Then, in 2021, Tedros also infuriated China. Frustrated by Beijing’s efforts to stonewall a joint investigation into the start of the outbreak, he made a public call for China to be more transparent and said it was premature to rule out the theory that the virus escaped from a lab.
“I was a lab technician myself, I’m an immunologist, and I have worked in the lab, and lab accidents happen,” Tedros said in a news conference at the time.
Chinese officials lashed out at Tedros and accused the WHO of pandering to the United States.
“We lost more than 6 million people,” Tedros said of the pandemic’s death toll. “Morally, it’s important to know what happened.”
But both Tedros and the WHO have also come under scrutiny for mistakes made in the early stages of the outbreak. That could complicate how history views Tedros, no matter what he does in his second term.
Earlier this month, the Lancet Covid-19 Commission, an independent panel of experts that investigated the global response to the pandemic, concluded in a critical report that the WHO “acted too cautiously and too slowly” at the start of the pandemic, “enabling considerable global diffusion of the virus.”
The report said the agency fumbled key decisions involving airborne transmission and the use of face masks. The commission even noted that Tedros himself had held a closed-door meeting of virologists, public health researchers and some government representatives on Jan. 22, 2020, as the virus spread — but failed to declare the growing outbreak a “public health emergency of international concern,” its most serious classification, until a week later.
Tedros said he was first made aware of the new “viral pneumonia” spreading in Wuhan at 5 p.m. on New Year’s Eve, 2019, when he received a routine text alert from his emergencies team.
“It’s very difficult to say anything at that stage,” Tedros later recalled. But, he said, “every signal that comes worries us. Every single one of them.”
Much of the world appears ready to move on. Even President Biden recently declared the pandemic “over,” and the virus was overshadowed by war and the economy at the opening of the United Nations General Assembly in New York last week.
But for Tedros, who says the end of the pandemic is in sight, “we are not there yet.” Thousands of people around the world are still dying of covid-19 every week, and poorer nations still lack vaccines.
Tedros is already flexing muscles previous directors general have not, moves that experts say have empowered both the agency and its chief. In July, he unilaterally declared monkeypox a “public health emergency of international concern,” after a panel of experts convened by the WHO failed to reach a consensus.
The viral disease, which can be fatal, had long circulated in West Africa. But it began rapidly spreading earlier this year, and now there are more than 60,000 reported cases.
Tedros justified the move by saying he acted only because the panel couldn’t agree — but then admitted he would have overruled the experts if they decided against the emergency label.
“I would have. I was convinced,” he said of the monkeypox threat.
For some, the decision signaled a major shift in the behavior — and potential power — of a WHO director general. None of Tedros’s predecessors “in the history of the WHO” had ever sidestepped an expert panel to declare an emergency, said Gostin.
It was the latest example of Tedros’s increasingly bold decision-making, as he pushes for sweeping changes to the global health infrastructure.
“He’s willing to take political and personal risks with his own reputation,” Gostin said.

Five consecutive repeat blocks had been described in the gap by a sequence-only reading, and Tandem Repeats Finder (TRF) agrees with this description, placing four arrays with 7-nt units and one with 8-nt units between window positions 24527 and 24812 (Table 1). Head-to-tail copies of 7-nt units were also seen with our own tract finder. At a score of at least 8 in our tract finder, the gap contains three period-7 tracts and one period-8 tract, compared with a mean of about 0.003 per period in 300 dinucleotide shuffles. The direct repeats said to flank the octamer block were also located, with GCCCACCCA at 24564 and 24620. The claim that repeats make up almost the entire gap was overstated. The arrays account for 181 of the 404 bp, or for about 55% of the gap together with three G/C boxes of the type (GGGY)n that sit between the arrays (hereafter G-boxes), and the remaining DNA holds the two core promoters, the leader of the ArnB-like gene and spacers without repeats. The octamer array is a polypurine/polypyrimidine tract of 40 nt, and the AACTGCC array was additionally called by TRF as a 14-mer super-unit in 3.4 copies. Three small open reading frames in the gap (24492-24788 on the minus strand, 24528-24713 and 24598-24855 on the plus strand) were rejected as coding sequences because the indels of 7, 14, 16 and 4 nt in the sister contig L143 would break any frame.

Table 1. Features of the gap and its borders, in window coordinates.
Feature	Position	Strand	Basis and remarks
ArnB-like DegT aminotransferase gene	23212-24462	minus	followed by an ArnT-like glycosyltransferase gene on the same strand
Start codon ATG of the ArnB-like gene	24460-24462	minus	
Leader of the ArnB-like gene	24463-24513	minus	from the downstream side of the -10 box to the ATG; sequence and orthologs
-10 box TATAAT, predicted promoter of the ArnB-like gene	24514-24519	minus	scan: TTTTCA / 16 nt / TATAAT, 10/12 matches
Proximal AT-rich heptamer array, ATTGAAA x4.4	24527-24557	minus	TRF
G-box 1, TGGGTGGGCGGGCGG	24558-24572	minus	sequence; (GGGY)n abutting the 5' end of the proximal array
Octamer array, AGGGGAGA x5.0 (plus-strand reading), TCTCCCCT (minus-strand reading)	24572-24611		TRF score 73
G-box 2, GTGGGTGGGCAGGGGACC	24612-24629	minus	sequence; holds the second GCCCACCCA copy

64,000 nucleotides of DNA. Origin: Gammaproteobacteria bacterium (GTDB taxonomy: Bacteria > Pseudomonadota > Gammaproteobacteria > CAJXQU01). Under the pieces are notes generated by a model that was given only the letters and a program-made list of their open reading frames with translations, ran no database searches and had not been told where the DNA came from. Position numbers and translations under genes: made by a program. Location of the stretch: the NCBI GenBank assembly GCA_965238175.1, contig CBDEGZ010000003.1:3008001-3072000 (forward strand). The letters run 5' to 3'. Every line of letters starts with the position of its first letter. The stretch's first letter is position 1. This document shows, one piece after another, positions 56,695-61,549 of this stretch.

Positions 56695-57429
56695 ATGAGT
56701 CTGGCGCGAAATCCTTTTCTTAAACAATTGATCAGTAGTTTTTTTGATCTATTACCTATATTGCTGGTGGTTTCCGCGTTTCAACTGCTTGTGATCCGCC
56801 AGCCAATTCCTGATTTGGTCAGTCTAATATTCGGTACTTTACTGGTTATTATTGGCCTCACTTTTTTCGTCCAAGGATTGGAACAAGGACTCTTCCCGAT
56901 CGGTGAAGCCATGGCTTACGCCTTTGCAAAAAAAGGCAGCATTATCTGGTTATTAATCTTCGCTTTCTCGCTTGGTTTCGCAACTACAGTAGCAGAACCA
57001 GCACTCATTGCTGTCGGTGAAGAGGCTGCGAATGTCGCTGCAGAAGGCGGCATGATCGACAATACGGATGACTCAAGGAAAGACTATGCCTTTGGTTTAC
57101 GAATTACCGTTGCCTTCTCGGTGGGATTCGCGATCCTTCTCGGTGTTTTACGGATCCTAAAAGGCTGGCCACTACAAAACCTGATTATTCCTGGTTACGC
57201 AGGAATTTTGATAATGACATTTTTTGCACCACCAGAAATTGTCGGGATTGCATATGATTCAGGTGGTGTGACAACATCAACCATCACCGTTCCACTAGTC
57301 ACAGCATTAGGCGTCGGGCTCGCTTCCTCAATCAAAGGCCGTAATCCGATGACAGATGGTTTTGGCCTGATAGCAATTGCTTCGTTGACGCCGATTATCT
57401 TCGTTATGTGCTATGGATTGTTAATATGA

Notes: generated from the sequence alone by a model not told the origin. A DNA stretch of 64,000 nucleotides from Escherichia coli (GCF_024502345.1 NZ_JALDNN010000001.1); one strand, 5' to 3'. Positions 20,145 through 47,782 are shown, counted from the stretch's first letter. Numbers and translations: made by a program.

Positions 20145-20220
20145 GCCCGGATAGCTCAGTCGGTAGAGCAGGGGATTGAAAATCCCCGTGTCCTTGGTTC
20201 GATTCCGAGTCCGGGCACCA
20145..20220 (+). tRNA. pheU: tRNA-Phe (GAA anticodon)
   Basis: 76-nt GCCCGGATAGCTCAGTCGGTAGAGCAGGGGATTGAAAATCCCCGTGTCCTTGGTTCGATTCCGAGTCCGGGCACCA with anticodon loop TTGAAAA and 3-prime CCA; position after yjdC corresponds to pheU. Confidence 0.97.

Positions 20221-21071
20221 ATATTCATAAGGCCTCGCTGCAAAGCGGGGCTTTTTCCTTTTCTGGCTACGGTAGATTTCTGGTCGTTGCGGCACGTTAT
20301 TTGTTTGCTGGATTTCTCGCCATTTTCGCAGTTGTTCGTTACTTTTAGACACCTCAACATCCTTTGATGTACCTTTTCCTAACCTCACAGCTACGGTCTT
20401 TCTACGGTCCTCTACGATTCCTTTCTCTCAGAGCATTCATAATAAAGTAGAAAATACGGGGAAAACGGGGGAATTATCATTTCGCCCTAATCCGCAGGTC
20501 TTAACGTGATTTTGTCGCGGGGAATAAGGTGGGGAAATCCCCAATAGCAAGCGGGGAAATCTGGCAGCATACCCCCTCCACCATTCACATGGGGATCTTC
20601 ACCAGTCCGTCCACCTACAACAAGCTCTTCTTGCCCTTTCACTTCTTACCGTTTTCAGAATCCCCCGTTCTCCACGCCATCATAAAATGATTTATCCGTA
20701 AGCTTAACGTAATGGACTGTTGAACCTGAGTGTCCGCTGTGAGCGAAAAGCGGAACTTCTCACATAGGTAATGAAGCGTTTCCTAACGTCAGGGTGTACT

Indeed, Tedros is now staking his legacy on a bold and controversial project, an effort he hopes will produce a new deal among states on how to prepare for and respond to a pandemic.
The proposed agreement, he said, would be a “game changer,” ensuring scientific and political cooperation across borders both before and during an outbreak. A majority of member states support the idea and have pledged to finalize a draft text at the World Health Assembly, the legislature that governs the WHO, by 2024.
After Tedros met with Becerra on Tuesday, the WHO issued a statement saying that the two “agreed that national and global capacities must be strong, agile, ever improving, and always fit-for-purpose.”
But the discussions have already sparked a backlash, including from prominent right-wing personalities in the United States. Fox News’s Tucker Carlson recently called Tedros a “liar” and “an agent” for China, telling millions of viewers that the WHO seeks to use a pandemic treaty to control “the intimate aspects” of their lives.
Concerns about a deal’s viability are not limited to the fringe. Some experts say there is still little consensus on what it should include. It may not end up being a binding treaty — the United States has lobbied for a weaker resolution without legal obligations.
Some worry that if Tedros pushes too much, the WHO could be at risk.
“There is a case for a stronger WHO, and I think Tedros during this first term has done extremely well to position the WHO for that,” said Anders Nordström, a Swedish doctor who served as the agency’s acting director general in 2006.
“But what does a stronger WHO mean and what are the implications for what the WHO should do and not do?” he said.
The WHO has an unusually strong constitution for a U.N. agency, according to Steve Solomon, a lawyer for the organization. In theory, it allows members to create rules that are automatically binding. In practice, however, it has no power to force countries to do anything they don’t want to do.
Because of that, countries such as Russia and China would probably balk at a WHO that could order investigations into a public health emergency. But so would the United States, experts say, which has long been skeptical of international agreements.
A starkly divided Congress would also probably fail to ratify a global health treaty with the required two-thirds majority.
“The United States is going to be no more receptive to an independent WHO investigation of an outbreak in Texas than China was,” said David Fidler, an adjunct senior fellow at the Council on Foreign Relations.
But Tedros says he believes the world can work together. The United States and the Soviet Union cooperated to eradicate smallpox at the height of the Cold War in 1979, he said.
And whatever the opposition or vitriol he may inspire, he said he will leave his role as director general at the end of his second term in 2027.
As for the WHO and its future as the world’s top health body?
“It’s irreplaceable,” Tedros said.